Editorial: A pardon for the worthy?

Law Times reports this week that a disbarred lawyer will have a chance at a pardon for his criminal fraud convictions after a Federal Court judge ruled the Parole Board of Canada acted unreasonably in denying him one. Context, in this case, is everything.

Harold Spring, the former lawyer and father of four, has achieved great success in the real estate business.

His crimes are more than two decades old, after Spring pleaded guilty in 1990 to one count of uttering a forged document and pleaded guilty in 1994 to seven counts of fraud over $1,000 in relation to transactions between 1985 and 1993. Spring served time in jail.

The decision in Harold Spring v. the Attorney General of Canada notes that Spring paid restitution, or otherwise settled with, all but two of the institutional complainants.

In his ruling in the Federal Court, Justice Patrick Gleeson noted, “The Parole Board of Canada recognizes that a record suspension would provide a measurable benefit to the applicant and sustain the applicant’s successful rehabilitation.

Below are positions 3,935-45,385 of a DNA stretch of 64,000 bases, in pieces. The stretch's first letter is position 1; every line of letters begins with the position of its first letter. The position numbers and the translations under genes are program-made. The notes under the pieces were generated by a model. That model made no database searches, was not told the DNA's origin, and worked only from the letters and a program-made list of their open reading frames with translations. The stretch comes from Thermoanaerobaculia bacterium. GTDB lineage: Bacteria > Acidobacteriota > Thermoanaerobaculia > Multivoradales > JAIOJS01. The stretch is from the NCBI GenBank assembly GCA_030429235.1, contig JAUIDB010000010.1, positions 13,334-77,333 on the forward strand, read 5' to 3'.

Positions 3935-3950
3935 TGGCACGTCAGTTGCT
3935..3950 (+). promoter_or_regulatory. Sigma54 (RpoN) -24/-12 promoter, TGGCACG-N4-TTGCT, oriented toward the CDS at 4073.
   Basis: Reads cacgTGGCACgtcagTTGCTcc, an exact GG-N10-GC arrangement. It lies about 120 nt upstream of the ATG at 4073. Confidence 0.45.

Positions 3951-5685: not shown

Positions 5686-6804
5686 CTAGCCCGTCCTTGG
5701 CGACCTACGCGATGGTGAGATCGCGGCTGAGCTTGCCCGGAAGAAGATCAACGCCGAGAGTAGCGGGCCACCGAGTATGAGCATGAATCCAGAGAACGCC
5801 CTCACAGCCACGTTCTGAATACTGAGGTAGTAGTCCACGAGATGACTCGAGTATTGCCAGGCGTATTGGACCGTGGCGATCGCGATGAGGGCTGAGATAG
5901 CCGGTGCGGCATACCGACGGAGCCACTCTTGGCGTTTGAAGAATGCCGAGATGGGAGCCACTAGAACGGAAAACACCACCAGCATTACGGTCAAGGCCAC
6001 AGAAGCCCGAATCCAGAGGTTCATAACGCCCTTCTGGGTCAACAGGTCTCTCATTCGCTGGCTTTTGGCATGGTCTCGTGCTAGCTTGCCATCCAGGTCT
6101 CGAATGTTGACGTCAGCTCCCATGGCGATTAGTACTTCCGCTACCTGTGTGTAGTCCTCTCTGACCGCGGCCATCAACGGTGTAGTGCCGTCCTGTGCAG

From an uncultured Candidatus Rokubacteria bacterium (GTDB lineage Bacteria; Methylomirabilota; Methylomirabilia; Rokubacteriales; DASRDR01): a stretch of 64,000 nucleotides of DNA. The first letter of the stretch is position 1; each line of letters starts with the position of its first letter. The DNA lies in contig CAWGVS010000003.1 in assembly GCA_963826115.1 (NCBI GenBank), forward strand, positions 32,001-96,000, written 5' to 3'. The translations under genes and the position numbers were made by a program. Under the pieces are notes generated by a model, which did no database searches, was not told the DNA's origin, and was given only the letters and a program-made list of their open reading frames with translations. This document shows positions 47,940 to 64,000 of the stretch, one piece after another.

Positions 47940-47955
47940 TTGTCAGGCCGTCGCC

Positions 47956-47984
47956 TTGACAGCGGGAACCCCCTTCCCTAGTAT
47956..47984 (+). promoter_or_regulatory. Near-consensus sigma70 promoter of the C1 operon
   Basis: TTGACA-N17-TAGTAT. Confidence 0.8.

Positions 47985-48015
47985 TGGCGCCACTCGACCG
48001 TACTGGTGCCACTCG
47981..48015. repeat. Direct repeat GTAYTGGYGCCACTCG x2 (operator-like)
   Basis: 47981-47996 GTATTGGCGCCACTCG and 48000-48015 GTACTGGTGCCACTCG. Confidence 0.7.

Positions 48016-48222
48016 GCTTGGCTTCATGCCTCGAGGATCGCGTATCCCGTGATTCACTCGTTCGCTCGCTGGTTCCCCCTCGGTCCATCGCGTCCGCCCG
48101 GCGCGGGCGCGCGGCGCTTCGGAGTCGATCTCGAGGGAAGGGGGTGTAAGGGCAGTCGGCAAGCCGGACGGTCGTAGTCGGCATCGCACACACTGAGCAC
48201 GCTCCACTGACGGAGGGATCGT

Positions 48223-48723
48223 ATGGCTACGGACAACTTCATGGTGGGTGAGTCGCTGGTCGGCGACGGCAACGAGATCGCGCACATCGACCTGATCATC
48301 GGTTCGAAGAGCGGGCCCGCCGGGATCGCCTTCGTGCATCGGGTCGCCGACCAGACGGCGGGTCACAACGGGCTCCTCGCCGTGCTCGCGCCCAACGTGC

“It then expresses that it is concerned that the nature, gravity, duration of offending, circumstances surrounding the commission of the offences and the information relating to the criminal history is of such a nature that granting a record suspension would bring the administration of justice into disrepute. The concerns in this regard are described as ‘credible concerns’ but there is no explanation or enumeration of these concerns.”      

Gleeson also notes, “I am of the opinion the Board’s decision lacks transparency and intelligibility and is unreasonable.”

Granting or denying a pardon (or record suspension) can be a controversial choice, especially with a gleaming candidate like Spring. But the point Justice Gleeson makes is a powerful one — that a weighty decision by the Parole Board, especially on the grounds that it would bring the administration of justice into disrepute, needs substantiating.

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